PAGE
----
Think about it for a second. When was the last time you got a for real and real letter? Not an email, not a bill, not a catalog, not a text message, but- a real, handwritten letter? I got one from my dear, long-time friend Allen Johnson about a month ago. It appeared in my mailbox completely out of the blue and it totally made my day. I also got one from Leigh over Christmas with the cutest initial button with it. Other than those two, I cannot tell you when the last time was that I got an actual, handwritten letter.
In high school and in my early college days, I must have gotten thousands of letters- literally. And. Here is a something that likely will not surprise you- I still have, in my attic, 95% of all the letters I have ever received. That is how much I treasure handwritten notes. I would also say that for every one letter I have gotten, I have written five others.
When I think about writing letters, I always think about my grandmother, Anne. Every Christmas I always got a new box of personalized stationary. I came to look forward to it. And it is because Anne made me write thank you letters as a child that I fully appreciate them as an adult.
Anne was a stickler about thank you and she would be appalled that I am just now at the end of January mailing out thank you letters from Christmas. This year, I just feel successful getting them done! (Better late than never.) Anne did not think it was anywhere near acceptable for me to sincerely thank someone for a gift- nor was a telephone call any where near an acceptable form of gratitude.
Anne towing the line on thank you letters made me understand and fully appreciate a handwritten letter. I remember getting my first email account at boarding school and trying to figure out how to email my dad among other people. I had no idea that handwritten letters would so rapidly become so antiquated.
I still write letters. Admittedly, I do not write as many as I once did but, I certainly still write thank you letters. And it is a fading art. It is because of this, that the power of a handwritten letter has increased a hundred fold! Because they are so rare, they are so much more special than they have ever been before now. A handwritten letter is proof that you took time out of your day to sit down and focus on your recipient. It is not even in the same league as someone who sat down and banged out an email much less a group email. So, I want to share with you how I prepare and write letters and in particular thank you letters.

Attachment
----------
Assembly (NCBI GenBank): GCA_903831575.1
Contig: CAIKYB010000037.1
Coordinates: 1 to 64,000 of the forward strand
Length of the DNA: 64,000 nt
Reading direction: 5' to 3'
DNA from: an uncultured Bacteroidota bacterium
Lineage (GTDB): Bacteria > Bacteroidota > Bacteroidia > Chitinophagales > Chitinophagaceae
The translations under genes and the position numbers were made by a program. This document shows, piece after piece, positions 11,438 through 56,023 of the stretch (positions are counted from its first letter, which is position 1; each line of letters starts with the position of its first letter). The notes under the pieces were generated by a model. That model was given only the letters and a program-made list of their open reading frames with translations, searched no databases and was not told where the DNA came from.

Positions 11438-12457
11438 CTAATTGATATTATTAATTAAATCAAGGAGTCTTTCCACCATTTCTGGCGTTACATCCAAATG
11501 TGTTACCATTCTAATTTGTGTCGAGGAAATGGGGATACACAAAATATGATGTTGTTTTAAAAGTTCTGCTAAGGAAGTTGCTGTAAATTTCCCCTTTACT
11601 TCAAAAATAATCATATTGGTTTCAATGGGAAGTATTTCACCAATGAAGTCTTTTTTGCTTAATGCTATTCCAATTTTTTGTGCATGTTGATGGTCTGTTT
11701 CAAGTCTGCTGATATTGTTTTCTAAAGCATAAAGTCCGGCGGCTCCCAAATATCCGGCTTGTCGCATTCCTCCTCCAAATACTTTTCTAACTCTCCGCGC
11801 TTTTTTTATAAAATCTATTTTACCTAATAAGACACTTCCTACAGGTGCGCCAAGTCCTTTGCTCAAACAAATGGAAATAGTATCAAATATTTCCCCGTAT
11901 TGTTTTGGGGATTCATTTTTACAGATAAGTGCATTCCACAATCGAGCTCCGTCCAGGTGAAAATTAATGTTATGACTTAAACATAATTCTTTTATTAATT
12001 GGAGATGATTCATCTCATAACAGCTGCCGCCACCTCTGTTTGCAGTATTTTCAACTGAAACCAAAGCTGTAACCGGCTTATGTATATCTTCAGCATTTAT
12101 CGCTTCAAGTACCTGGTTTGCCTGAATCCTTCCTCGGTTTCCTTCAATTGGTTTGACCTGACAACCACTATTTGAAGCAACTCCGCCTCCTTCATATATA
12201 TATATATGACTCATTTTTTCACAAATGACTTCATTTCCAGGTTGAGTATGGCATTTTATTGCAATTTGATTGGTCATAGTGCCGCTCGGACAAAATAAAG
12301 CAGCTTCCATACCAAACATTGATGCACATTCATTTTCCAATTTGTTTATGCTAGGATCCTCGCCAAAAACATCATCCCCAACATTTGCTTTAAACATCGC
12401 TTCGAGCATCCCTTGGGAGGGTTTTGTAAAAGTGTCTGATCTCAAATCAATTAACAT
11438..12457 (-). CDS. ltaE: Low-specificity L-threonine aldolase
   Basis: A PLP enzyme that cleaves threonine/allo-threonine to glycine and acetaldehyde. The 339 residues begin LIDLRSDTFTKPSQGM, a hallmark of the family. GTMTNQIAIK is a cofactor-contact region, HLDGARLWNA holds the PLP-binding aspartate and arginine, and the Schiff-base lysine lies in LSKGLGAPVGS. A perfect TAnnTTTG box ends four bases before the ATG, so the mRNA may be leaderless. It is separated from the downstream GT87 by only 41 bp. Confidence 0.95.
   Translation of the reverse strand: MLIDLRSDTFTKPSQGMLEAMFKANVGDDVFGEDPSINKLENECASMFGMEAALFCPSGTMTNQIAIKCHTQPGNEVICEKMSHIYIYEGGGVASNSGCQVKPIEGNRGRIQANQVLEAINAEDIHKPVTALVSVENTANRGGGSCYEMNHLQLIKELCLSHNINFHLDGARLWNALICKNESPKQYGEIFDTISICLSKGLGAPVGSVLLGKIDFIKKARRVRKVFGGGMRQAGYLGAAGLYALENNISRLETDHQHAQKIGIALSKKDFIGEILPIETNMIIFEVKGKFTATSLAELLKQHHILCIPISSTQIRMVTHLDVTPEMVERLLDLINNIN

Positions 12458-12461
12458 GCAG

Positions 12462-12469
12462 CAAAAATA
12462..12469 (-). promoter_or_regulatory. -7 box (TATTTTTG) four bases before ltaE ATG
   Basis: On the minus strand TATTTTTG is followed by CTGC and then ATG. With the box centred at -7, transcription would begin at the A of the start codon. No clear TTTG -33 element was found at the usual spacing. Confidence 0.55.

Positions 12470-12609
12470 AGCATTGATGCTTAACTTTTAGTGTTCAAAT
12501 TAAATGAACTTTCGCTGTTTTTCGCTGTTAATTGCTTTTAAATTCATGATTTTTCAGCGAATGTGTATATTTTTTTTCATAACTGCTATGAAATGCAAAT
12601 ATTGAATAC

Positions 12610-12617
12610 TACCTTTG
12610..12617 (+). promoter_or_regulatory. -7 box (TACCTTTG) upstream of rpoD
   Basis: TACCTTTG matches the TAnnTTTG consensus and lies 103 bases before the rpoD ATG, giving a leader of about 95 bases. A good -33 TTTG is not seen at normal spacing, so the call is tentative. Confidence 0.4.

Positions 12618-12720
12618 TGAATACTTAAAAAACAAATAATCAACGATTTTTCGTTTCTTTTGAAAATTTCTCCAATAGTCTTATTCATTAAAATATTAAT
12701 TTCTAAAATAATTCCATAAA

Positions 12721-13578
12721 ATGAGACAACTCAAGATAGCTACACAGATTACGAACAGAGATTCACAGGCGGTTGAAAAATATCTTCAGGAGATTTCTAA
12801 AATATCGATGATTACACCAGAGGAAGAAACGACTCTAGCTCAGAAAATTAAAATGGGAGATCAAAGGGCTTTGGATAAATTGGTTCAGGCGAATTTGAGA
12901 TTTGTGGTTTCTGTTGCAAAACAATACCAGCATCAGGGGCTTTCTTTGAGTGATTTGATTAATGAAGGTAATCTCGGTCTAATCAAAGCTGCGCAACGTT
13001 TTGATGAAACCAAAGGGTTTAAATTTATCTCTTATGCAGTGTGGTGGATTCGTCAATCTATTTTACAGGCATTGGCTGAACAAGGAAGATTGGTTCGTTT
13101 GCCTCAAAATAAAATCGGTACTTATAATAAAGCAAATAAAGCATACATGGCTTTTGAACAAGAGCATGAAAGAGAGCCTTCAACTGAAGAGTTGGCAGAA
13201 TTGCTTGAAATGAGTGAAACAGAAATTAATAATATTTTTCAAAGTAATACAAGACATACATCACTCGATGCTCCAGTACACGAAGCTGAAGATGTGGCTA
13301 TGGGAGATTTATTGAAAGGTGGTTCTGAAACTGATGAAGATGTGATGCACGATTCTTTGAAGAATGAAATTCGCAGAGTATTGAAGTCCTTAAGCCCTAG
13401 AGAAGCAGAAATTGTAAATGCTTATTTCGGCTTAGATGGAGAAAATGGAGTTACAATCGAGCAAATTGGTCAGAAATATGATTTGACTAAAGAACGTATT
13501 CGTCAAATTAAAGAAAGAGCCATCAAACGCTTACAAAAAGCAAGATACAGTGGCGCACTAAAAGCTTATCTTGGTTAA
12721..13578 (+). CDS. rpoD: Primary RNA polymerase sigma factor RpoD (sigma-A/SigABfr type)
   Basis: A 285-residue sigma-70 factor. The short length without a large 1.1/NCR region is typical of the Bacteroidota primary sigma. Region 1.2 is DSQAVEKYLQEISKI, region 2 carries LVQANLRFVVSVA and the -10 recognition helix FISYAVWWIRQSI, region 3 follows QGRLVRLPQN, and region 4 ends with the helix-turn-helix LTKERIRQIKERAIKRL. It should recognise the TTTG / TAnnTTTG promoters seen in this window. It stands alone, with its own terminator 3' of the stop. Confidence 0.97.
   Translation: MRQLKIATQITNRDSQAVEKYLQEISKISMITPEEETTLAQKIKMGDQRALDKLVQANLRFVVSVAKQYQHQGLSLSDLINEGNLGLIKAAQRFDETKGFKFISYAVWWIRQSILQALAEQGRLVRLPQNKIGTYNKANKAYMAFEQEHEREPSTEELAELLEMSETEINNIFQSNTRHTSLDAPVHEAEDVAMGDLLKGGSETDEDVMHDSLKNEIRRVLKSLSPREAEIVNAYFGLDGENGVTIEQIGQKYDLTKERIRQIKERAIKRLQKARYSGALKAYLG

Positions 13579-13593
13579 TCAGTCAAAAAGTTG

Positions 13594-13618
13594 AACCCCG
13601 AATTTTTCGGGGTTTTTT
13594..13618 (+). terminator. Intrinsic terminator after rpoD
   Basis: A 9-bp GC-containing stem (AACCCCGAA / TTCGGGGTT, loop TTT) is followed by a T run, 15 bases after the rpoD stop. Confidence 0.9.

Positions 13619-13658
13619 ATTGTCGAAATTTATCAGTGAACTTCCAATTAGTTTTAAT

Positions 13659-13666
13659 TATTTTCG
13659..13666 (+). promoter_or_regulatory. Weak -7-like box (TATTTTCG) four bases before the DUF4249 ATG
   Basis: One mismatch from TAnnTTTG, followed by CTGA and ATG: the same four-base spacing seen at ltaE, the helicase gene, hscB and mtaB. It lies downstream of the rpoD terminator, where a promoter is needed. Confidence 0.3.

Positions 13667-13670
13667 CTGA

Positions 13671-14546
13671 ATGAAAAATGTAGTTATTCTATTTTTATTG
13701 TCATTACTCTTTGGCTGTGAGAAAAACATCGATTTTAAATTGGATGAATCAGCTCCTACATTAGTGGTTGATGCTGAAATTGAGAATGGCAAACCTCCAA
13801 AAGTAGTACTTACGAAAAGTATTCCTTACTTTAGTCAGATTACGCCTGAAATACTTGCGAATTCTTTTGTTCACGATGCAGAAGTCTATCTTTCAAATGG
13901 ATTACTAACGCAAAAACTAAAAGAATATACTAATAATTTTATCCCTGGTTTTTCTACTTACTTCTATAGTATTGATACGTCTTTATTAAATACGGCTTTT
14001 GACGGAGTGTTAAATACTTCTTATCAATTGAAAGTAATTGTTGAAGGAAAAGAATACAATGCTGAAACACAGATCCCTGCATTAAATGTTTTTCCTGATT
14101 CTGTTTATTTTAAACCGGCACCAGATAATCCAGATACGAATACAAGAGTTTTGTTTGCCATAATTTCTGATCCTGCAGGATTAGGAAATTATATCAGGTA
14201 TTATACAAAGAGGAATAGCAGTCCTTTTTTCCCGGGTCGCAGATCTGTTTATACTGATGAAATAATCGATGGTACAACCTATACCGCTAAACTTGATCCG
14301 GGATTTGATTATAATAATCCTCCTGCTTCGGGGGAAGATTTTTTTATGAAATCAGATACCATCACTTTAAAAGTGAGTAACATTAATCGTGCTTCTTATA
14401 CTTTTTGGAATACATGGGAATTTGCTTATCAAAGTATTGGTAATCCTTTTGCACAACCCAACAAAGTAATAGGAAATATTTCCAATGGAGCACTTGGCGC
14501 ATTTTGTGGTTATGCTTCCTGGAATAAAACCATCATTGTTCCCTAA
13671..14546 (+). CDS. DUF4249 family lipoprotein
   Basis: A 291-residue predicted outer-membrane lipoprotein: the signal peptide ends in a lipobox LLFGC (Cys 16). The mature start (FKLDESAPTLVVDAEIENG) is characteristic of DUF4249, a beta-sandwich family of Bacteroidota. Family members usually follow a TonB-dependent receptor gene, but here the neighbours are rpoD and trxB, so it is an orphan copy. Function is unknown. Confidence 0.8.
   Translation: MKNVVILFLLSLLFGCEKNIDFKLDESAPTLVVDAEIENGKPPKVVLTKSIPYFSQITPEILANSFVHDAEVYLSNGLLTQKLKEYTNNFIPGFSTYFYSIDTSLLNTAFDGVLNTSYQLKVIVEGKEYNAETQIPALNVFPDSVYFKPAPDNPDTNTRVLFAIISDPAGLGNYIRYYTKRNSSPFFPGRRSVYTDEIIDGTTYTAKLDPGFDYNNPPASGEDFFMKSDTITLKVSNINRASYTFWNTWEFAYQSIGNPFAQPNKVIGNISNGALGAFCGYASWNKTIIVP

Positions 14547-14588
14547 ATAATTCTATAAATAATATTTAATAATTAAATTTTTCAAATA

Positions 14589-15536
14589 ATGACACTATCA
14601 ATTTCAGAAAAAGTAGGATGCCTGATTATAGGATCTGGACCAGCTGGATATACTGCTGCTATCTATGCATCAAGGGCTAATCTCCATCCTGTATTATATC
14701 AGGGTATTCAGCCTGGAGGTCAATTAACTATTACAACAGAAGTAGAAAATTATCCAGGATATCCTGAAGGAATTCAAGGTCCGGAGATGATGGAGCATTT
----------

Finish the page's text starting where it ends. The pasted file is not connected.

The first thing I have always done when I sitting down to write thank you letters is make a list of everybody I need to write letters to thank and what I am thanking them for. It helps keep me on task. When I collect my stationary, I go ahead and get my addresses handy. And, when I sit down to write a letter, I get particular about the type of pen I use- but, of course, that’s me.
So then, I just start writing. I try to be as personal as I possibly can. I try not to write a form letter but, I have my own formula for thank you. Basically, I come out of the gate with the thank you. Then I mention something else related to the person I am writing and then I end with thanking them again. I don’t know if that is the right formula but, it has always worked for me.
Are you wondering if I will let Baby Bub slide writing thank you letters? The short answer is no. Baby Bub will absolutely write thank you letters. I have already started thinking about how soon he can start writing thank you letters because guess who writes them for him now? (If you guessed Bub, you are wrong.)
For Baby Bub’s thank you letters, I used Pic Monkey to do some editing and such to this cute photo and printed it. Then I use the photo as a postcard. I think it is pretty cute.
I encourage you to either rekindle your letter writing affection or nurture a new fountain of letter writing affection. A handwritten letter in this fast-paced, tech age is so powerful. Take a minute to write one because you just might get one back!